Was this your only target company or did you have others?

Overall I had about ten to fifteen companies that I really focused on, so while Key was certainly one of my target companies, it was not my only target.

Key Bank Logo 
Was there a question that puzzled/stumped you during the interview process?

I don’t think there was one question that really stumped me, but I do distinctly remember struggling through my first few interviews. It had been a few years since I’d interviewed for a job and I could tell that I was out of practice.

What advice would you give to other students looking for an internship?

I would advise students to get started early, do your research and to keep an open mind.

What is something that you wish you knew before starting your internship search?

I wish someone had told me to have fun with the process. I know it sounds crazy, but you get to see some great companies and meet some amazing people and I wish I had enjoyed the process a little bit more. Further, I know that I interview best when I am stress-free and relaxed and I think had I been more comfortable that I would have performed better in some of my interviews.

March 24, 2017

MBA Internship Search: Kevin Payne

Over the next week, the Life at Weatherhead blog will feature conversations with students, as they share their experience on the internship search. If you missed it, read the first post in there series. Today we are featuring first year MBA student, and Intern at BrownFlynn, Kevin Payne:

Kevin Payne, Full-time MBA Student 
When did you start your internship search?
My search started as soon as school began, though that is not to say I immediately started applying for internships. Rather I began by meeting with CMO biweekly to discuss my career interests and by connecting with local alumni with the assistance of CMO. My conversations with CMO established both a rhythm to my search and built a foundation to work off when I submitted applications towards the end of the first semester.

What advice from CMO helped you on your search? Where else did you get helpful advice from?
I took away several great tips from CMO’s fall workshops. The session hosted by Steve Dalton, author of the 2 Hour Job Search, provided a great framework to strategically identify and connect with alumni that I have used successfully on numerous occasions. I also looked to the second year MBA cohort for valuable perspective and advice.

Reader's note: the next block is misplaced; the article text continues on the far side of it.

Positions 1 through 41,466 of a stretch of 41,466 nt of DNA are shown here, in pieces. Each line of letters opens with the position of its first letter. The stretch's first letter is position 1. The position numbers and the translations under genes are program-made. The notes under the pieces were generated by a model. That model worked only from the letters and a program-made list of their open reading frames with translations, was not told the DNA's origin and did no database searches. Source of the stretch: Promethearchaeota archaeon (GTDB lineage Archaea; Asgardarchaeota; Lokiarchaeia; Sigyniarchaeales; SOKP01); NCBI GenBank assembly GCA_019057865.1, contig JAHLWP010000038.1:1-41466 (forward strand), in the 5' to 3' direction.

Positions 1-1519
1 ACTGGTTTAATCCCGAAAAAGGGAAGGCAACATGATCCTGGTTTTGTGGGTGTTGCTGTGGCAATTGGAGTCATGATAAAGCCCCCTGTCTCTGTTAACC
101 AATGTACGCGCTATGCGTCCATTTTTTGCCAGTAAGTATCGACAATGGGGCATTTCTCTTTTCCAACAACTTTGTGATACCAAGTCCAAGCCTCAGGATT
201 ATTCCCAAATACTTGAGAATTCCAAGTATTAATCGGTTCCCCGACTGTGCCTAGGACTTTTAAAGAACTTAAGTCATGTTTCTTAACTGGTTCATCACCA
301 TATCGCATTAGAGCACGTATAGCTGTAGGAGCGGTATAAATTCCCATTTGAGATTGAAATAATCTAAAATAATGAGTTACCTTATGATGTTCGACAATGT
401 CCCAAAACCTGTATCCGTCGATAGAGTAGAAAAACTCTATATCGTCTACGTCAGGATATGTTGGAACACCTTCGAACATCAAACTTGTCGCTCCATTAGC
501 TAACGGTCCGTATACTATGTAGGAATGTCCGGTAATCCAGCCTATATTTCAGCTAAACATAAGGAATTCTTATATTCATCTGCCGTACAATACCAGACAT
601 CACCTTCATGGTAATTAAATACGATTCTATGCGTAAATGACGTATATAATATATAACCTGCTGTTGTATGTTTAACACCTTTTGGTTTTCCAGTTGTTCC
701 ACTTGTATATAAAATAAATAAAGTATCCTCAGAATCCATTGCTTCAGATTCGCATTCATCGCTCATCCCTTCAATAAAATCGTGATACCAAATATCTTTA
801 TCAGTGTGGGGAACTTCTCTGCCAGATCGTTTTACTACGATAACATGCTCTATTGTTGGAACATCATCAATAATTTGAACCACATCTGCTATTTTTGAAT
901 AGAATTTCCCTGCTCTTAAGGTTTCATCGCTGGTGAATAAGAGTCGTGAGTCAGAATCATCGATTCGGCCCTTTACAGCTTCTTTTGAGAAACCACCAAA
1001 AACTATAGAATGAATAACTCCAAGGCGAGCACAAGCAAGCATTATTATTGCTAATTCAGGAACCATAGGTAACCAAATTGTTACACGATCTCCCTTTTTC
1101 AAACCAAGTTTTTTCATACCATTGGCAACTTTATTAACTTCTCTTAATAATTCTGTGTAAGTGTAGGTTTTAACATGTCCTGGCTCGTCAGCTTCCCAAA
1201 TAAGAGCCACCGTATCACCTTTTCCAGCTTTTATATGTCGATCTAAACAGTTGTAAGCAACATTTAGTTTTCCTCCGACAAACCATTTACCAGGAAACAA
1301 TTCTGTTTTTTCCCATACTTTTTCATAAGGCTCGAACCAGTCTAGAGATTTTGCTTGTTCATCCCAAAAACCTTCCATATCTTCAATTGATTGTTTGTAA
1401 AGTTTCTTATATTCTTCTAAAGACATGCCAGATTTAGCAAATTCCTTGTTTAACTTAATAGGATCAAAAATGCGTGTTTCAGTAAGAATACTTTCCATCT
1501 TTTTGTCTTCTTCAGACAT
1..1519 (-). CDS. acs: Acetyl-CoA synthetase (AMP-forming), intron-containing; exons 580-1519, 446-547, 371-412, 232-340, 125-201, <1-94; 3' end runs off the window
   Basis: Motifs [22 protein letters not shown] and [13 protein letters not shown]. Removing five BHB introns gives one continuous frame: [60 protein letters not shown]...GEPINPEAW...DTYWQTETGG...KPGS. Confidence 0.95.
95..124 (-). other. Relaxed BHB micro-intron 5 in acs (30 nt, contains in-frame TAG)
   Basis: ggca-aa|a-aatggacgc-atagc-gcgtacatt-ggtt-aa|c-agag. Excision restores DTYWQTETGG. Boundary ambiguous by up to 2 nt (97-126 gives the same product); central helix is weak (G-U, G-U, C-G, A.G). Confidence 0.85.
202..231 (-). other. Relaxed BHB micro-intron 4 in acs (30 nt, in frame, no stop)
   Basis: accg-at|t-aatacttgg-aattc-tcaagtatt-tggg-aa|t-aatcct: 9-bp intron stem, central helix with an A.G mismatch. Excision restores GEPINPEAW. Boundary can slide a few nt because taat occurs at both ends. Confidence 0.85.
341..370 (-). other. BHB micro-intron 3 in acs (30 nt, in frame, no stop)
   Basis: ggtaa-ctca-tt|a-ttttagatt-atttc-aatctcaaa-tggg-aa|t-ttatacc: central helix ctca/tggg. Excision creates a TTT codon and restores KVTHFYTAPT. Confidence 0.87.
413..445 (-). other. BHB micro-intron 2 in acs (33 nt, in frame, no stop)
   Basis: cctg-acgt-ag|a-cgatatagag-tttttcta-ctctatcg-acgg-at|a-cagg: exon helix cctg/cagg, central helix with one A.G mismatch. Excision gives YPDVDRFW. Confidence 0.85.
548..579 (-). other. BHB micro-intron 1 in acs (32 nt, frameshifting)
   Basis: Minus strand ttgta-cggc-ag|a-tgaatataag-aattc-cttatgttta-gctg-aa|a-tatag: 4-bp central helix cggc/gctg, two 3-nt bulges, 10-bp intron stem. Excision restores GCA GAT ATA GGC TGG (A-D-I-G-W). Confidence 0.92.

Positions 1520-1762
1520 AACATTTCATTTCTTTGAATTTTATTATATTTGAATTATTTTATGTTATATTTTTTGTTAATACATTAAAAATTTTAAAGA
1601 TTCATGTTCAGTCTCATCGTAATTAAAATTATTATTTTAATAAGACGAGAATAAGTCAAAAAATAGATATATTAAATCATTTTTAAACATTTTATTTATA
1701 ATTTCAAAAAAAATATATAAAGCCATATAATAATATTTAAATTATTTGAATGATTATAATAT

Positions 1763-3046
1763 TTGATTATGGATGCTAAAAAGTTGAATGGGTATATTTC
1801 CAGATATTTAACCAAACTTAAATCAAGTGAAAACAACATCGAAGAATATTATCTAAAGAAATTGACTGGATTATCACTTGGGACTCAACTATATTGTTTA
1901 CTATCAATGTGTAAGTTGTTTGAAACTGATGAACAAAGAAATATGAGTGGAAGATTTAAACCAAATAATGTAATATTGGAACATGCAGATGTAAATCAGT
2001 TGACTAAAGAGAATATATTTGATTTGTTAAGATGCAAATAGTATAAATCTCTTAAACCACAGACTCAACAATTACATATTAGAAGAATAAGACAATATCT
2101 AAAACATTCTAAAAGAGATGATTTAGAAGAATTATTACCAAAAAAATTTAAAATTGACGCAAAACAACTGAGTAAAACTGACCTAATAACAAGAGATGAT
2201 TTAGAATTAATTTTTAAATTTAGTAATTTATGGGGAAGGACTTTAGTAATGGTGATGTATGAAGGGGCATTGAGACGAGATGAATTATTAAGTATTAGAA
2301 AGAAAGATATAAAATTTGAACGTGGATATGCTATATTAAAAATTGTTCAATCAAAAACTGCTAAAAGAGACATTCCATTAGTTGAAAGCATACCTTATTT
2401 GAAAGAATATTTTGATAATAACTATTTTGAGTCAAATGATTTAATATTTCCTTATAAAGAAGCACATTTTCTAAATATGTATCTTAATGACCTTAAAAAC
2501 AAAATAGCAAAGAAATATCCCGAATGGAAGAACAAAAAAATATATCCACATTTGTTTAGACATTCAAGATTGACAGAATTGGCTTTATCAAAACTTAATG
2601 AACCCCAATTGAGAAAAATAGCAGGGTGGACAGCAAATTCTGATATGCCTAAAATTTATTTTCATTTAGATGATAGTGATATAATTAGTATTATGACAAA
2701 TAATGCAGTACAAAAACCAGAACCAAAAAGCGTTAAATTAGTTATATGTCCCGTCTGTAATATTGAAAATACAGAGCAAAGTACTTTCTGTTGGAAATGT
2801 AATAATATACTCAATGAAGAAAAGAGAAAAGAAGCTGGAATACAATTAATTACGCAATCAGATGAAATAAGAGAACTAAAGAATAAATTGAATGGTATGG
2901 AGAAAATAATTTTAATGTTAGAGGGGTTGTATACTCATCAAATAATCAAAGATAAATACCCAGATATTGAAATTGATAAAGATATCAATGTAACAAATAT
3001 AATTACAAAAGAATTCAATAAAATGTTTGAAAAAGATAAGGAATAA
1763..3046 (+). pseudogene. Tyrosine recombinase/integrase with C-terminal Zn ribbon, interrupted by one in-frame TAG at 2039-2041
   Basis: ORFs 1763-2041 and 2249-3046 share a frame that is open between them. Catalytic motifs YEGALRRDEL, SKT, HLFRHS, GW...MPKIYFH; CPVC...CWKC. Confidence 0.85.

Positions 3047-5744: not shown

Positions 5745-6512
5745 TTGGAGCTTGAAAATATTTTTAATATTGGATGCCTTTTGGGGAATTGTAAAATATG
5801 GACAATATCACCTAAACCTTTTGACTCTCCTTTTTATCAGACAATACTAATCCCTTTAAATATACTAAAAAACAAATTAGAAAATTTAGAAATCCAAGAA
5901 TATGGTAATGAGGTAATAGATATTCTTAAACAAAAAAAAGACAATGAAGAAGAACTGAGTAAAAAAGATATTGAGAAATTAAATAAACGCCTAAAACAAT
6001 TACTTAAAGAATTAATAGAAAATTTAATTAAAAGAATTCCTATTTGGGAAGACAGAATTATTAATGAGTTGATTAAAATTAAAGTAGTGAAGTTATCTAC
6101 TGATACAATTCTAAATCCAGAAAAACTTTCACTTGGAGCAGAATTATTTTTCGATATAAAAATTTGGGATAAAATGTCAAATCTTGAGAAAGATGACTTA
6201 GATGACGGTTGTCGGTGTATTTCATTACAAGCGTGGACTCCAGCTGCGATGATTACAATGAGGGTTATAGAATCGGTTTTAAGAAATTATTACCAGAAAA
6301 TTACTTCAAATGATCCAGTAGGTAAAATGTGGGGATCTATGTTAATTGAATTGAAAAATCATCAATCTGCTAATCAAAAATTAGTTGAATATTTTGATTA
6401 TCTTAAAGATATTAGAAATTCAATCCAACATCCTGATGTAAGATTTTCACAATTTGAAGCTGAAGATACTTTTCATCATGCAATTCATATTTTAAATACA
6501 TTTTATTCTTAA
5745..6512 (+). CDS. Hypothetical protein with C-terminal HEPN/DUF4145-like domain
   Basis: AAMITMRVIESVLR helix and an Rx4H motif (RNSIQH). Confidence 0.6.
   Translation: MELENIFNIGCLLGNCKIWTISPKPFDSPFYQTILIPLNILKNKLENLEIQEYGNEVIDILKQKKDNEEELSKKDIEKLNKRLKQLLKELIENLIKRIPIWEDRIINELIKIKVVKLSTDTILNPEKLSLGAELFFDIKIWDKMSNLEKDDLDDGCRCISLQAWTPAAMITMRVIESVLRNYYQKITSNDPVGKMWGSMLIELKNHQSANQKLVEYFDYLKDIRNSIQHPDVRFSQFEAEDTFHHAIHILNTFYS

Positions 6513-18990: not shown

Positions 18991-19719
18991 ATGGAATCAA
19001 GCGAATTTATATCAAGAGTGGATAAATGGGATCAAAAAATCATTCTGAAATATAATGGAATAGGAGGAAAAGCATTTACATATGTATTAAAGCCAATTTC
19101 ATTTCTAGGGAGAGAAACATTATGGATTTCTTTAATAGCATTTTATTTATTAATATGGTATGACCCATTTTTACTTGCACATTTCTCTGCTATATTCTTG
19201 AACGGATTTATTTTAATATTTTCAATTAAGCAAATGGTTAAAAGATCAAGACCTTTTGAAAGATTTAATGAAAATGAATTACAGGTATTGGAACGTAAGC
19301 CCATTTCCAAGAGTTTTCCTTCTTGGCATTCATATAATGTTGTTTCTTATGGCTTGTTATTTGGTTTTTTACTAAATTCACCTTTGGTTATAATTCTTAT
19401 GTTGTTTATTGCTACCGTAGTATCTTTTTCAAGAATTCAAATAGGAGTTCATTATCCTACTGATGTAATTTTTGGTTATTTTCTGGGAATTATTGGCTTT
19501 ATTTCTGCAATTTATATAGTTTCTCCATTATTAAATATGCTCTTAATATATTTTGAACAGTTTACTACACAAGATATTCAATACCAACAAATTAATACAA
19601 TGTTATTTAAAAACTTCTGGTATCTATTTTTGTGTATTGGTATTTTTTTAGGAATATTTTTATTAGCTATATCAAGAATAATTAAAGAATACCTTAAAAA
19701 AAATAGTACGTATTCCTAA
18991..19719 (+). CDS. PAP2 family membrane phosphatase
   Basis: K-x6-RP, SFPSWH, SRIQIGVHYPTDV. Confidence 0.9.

How did you learn about the opportunity? What was the process like?
I first heard about BrownFlynn during an early meeting with CMO. With CMO’s introduction, I met Sarah Corrigan, an alumni working as a senior consultant at BrownFlynn. Sarah’s description of her work and the company culture inspired me to learn more, and with her help, I interviewed Barb Brown, Co-Founder & Principle, for a class project. After speaking to Barb, BrownFlynn exceeded all my expectations for an internship host company.
I applied for an internship posting on their website in early January and interviewed a couple weeks later with a senior consultant. Prior to receiving a job offer, I happened to meet two other BrownFlynn employees during a campus and community event. These serendipitous interactions reinforced my aspirations to work at BrownFlynn, and I imagine may have influenced the final decision to offer me an internship.
Looking back, the interview with BrownFlynn started well before I applied and extended through the weeks following my interview.


Was this your only target company or did you have others?
I applied to three companies and received two offers. Early on, I researched numerous opportunities but selected three to focus on.
  
What advice would you give to other students looking for an internship?
First, it is never too early to start looking for an internship! Second, seek out networking opportunities that allow your genuine self to flourish. For me, formal interviews and networking sessions are often stifling so I look for opportunities to network one on one or events where networking is not the focus.


What is something that you wish you knew before starting your internship search?
A strong resume and cover letter alone will open few career opportunities. Even the strongest resume or most eloquent cover letter is a poor replacement to making a genuine connection with someone.